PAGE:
Tesla’s NACS connector to become standard across North America
SAE International, a global organization committed to advancing mobility knowledge and solutions based in Warrendale, Pennsylvania, U.S.A., announced that it will standardize Tesla’s North American Charging Standard (NACS) connector. This will ensure that any supplier or manufacturer will be able to use, manufacture, or deploy the NACS connector on electric vehicles (EVs) and at charging stations across North America.
Ford Motor Company, General Motors, Rivian, and a number of EV charging companies have recently announced plans to adopt the NACS connector through adaptors or future product offerings. Volvo Cars is the latest, and the first European car manufacturer, to announce that it will install Tesla’s charging port in electric cars for the North American market from 2025.
At present, nearly all automakers other than Tesla use what is called a Combined Charging System (CCS) connector. From an electrical perspective, there are notable differences between NACS and CCS. For example, CCS has separate pins for delivering alternating current (AC) and direct current (DC) power while NACS leverages the same pin for both AC and DC.
Tesla’s Superchargers are coveted by other automakers because it has more direct current fast-charging plugs in the U.S. than any other network, and its stations are in prime locations along the freeway. In the U.S., Tesla has 1,797 Supercharger stations and more than 19,000 plugs, according to the U.S. Department of Energy (DOE).
Nationwide, there are about 54,000 public charging stations, with more than 136,000 plugs, according to the DOE. While most are slower Level 2 chargers that can take up to eight hours to get a battery up to a full charge, the network of DC fast chargers is growing.
The standardization process is the next step to establish a consensus-based approach for maintaining NACS and validating its ability to meet performance and interoperability criteria. The Joint Office of Energy and Transportation was instrumental in fostering the SAE-Tesla partnership and expediting plans to standardize NACS—an important step in building an interoperable national charging network that will work for all EV drivers. This initiative was also announced by The White House on June 27.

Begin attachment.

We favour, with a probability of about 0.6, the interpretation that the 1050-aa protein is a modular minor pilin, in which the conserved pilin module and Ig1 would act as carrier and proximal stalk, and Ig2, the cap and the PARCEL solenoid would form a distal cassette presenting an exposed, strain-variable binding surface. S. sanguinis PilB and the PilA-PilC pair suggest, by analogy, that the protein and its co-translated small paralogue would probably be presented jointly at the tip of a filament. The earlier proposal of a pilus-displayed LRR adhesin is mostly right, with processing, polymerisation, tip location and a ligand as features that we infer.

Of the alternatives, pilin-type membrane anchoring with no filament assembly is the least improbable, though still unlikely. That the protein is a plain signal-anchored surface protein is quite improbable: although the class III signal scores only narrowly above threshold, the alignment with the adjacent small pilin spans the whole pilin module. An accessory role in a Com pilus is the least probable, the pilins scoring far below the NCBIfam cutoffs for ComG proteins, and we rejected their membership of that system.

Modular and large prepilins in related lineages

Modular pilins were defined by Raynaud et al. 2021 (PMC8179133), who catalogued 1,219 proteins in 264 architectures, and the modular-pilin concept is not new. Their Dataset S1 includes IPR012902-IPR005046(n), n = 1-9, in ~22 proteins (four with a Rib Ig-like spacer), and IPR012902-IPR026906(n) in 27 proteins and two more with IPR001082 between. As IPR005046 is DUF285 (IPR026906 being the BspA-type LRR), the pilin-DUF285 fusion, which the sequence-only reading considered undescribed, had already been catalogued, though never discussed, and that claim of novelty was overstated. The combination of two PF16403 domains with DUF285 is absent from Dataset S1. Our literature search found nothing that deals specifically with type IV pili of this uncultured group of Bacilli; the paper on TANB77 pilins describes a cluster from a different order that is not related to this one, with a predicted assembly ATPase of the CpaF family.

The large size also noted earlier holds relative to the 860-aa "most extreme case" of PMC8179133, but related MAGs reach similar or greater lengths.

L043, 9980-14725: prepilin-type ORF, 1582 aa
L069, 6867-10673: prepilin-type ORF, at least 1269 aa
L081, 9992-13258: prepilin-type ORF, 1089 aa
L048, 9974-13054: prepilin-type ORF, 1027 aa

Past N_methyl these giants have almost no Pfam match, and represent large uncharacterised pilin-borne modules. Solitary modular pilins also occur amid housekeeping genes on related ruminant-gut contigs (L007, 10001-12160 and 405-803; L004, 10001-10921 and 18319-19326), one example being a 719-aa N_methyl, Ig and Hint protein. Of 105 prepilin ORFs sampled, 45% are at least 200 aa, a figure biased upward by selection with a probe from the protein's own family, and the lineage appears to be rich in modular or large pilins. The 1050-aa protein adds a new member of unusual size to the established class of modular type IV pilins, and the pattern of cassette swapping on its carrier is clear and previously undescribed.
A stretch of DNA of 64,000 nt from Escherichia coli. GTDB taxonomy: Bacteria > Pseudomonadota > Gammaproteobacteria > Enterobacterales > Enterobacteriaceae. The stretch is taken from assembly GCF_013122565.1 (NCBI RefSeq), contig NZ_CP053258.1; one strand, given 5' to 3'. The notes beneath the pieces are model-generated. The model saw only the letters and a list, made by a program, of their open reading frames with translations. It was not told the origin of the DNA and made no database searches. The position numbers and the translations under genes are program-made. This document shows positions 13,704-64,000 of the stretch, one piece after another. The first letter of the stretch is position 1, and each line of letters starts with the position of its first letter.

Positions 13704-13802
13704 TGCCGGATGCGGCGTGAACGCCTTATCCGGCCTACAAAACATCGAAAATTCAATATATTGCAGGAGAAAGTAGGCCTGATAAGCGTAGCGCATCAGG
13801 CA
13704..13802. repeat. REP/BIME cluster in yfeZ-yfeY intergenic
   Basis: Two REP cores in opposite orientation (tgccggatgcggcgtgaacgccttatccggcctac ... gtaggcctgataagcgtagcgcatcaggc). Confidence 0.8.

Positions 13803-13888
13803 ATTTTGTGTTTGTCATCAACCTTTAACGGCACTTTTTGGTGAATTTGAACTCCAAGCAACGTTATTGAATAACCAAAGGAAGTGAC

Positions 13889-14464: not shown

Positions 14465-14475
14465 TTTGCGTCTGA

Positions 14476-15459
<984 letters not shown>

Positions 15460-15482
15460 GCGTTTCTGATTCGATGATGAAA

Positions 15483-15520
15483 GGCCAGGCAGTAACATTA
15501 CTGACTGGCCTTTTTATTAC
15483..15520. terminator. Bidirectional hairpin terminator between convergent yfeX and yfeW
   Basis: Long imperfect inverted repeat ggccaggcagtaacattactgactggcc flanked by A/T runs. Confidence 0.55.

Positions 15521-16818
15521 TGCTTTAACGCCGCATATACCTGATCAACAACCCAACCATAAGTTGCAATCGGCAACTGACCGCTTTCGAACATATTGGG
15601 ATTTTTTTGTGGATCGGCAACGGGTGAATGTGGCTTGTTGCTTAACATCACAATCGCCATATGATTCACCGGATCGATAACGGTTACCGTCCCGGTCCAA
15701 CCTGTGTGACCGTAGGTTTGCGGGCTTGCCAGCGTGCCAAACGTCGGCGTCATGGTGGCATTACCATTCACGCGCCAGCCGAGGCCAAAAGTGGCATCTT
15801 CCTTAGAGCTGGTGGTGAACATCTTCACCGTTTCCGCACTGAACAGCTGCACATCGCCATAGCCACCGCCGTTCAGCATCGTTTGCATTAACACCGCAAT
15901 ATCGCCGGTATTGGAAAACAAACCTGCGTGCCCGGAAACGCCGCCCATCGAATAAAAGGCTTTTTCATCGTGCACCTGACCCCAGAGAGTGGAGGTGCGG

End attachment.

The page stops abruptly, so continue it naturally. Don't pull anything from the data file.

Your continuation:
“Standardizing the NACS connector will provide certainty, expanded choice, reliability and convenience to manufacturers and suppliers and, most of all, increase access to charging for consumers,” said Frank Menchaca, president, Sustainable Mobility Solutions, an innovation arm of SAE affiliate, Fullsight, which focuses on initiatives that lead to net zero transportation throughout mobility sectors.
The new SAE NACS connector standard will be developed on an expedited time frame and is one of several key initiatives to strengthen the North American EV charging infrastructure. This includes SAE-ITC’s Public Key Infrastructure (PKI) for cyber-secure charging. In close cooperation with National Labs, SAE also is contributing to reliability design for the national ChargeX consortium.
“Taken together,” said David L. Schutt, CEO, SAE International, “these efforts will contribute substantially to SAE’s commitment to secure, clean and connected transportation, accessible to everyone. We’re delighted to do our part in aligning the excellent efforts of industry with those of government entities like the Joint Office to advance sustainable mobility on a national level.”